Contains 3 folders and 14 resources
This report looks at the households in Nottingham City currently affected by the Benefits Cap of Â¿26,000 per year and the potential impacts of the reduction of the cap to Â¿20,000 per year proposed in the July 2015 budget.
The household benefits cap was reduced from Â£26,000 to Â£20,000 per year. The gradual rollout across the country hit Nottingham in early 2017. This report looks at the number of households in Nottingham affected by the reduction of the cap, the characteristics of these households and tries to quantify the financial impact on affected households.
This report looks at the number of households in Nottingham affected by the cap and the characteristics of these households and tries to quantify the financial impact on affected households
This note looks at the number of people in Nottingham claiming either Disability Living Allowance (DLA) or the benefit which replaced it in 2013, Personal Independence Payment (PIP). The data is taken at November 2015 and looks at change over time and specifically the impact of the introduction of PIP. It also provides an indication as to how the changes in claimant numbers have affected the amount awarded to benefit claimants.
This Evidence Review paper is part of a set of papers providing a review of the evidence for the present position and trends and expectations for the future. The papers look at Nottingham City in the context of the conurbation, the region and the national picture
Report looking at DWP figures for people in Nottingham claiming benefits to help with housing costs (Housing Benefit and Local Housing Allowance). It focusses on the change over time with particular emphasis on the increase in working claimants and the implications on housing affordability in the City.
The purpose of this report is: - To summarise the key welfare reforms announced or proposed by the Coalition Government. - To provide analysis of potential impact on Nottingham's citizens and communities, including multiple impacts. - To set out potential implications for ON partners, particularly in terms of demand for services.
A supporting presentation, with maps and examples of the impact on particular groups of citizens to the Welfare Reform Report which: - summarises the key welfare reforms announced or proposed by the Coalition Government. - provides analysis of potential impact on Nottingham's citizens and communities, including multiple impacts. - To set out potential implications for ON partners, particularly in terms of demand for services.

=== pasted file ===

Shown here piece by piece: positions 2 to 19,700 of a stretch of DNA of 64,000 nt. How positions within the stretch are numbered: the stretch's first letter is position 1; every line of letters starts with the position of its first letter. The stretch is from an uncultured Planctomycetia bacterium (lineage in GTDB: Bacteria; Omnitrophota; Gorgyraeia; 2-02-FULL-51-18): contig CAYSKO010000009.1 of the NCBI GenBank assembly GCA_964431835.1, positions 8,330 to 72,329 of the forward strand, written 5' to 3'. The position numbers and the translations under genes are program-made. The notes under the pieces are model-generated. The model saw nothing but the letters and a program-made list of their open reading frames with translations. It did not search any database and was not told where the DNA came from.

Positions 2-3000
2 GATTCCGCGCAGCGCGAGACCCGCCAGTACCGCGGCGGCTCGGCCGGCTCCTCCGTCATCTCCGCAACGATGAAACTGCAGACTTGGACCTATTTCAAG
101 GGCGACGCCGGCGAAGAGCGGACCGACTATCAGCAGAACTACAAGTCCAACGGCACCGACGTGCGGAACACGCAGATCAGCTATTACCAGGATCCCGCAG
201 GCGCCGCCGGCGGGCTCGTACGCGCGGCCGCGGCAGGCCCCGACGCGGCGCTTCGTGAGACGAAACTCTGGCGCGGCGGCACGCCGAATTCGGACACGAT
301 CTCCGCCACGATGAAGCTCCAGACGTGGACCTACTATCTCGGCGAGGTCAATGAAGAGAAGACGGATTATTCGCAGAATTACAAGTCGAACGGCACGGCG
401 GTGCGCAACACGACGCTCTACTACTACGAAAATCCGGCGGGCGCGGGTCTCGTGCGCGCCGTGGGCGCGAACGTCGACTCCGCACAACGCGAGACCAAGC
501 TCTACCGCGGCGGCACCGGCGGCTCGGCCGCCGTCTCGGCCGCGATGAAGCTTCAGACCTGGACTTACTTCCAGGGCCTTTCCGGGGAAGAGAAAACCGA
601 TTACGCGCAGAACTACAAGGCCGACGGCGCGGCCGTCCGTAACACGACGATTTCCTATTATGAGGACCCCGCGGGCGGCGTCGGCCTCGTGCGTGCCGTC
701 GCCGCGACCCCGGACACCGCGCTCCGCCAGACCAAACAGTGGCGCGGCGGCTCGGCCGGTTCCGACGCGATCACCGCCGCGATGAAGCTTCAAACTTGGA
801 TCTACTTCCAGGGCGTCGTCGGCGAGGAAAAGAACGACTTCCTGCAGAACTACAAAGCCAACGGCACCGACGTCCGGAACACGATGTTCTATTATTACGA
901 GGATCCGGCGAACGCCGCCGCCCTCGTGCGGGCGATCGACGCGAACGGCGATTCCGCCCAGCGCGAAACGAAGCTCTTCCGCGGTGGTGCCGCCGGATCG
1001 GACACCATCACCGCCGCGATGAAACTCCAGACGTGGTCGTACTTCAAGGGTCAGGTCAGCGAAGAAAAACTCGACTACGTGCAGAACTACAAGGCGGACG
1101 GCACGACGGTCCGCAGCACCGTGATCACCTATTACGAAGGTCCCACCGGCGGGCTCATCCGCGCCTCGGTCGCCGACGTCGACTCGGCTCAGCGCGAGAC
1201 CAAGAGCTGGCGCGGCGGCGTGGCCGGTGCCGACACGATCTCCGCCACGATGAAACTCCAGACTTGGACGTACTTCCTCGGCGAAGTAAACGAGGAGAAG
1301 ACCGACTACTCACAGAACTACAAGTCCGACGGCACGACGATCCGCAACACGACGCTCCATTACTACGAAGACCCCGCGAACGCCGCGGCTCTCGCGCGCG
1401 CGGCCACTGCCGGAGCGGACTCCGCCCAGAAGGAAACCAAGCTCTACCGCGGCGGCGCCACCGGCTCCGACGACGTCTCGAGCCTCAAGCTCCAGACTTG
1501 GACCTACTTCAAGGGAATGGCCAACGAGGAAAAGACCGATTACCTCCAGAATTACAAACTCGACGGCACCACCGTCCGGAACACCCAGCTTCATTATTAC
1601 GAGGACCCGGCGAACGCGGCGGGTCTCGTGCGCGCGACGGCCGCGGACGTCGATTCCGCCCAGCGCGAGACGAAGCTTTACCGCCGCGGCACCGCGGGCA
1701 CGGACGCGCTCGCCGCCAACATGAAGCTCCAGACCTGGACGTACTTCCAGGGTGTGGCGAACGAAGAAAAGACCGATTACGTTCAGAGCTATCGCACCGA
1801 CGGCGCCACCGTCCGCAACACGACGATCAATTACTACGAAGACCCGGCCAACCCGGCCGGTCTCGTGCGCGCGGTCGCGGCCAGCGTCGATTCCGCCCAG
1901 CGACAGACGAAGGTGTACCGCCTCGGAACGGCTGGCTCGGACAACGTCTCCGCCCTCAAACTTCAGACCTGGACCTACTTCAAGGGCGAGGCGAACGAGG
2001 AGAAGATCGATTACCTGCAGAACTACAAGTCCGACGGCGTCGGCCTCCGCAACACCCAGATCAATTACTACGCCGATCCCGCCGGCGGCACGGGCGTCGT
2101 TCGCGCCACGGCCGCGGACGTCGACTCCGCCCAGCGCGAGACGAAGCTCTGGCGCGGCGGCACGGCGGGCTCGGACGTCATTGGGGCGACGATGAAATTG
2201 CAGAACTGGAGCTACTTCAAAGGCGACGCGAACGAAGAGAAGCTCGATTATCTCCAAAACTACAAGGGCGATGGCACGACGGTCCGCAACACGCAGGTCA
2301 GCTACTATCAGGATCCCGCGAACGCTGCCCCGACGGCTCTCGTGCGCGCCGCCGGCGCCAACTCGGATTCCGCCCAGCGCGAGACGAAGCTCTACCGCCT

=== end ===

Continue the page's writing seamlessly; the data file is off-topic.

This note uses data on working households claiming housing benefit as a proxy indicator for households experiencing in-work poverty.
Analysis of employment rates and DWP benefit claims, excluding universtity students from the rates, to inform the City Strategy March 07.
Statistical appendix to accompany the analysis of employment rates and DWP benefit claims, excluding universtity students from the rates, to inform the City Strategy March 07.
SQW Consulting has been appointed to undertake an assessment of multiple deprivation in Nottingham, in particular what is driving/prolonging it and to seek agreement on the most significant challenges that need to be addressed if we are to 'break the cycle' of deprivation. The intention is that this process will help to establish an integrated 'roadmap' and some long-term 2020 goals for the city to reduce deprivation, which will assist One Nottingham and its partners in ensuring that their own mainstream strategies and action plans deliver these outcomes and work together more effectively. The aim is to help crystallise a more focused agenda for change. This is not intended to be a new separate strategy.
This booklet is intended to inform citizens and advice workers about the forthcoming changes in the welfare system as a result of the Welfare Reform and Work Act 2016. It gives details of each change and of places and organisations where people can go to find additional information, help and support.
Analysis of statistics relating to Work Programme participants between June 2011 and December 2014. The Work Programme is intended to help long term benefit claimants find work. There is some brief analysis of the success of the Programme but the focus is on the relative experiences of different groups (age, benefit type, health) who have participated in it.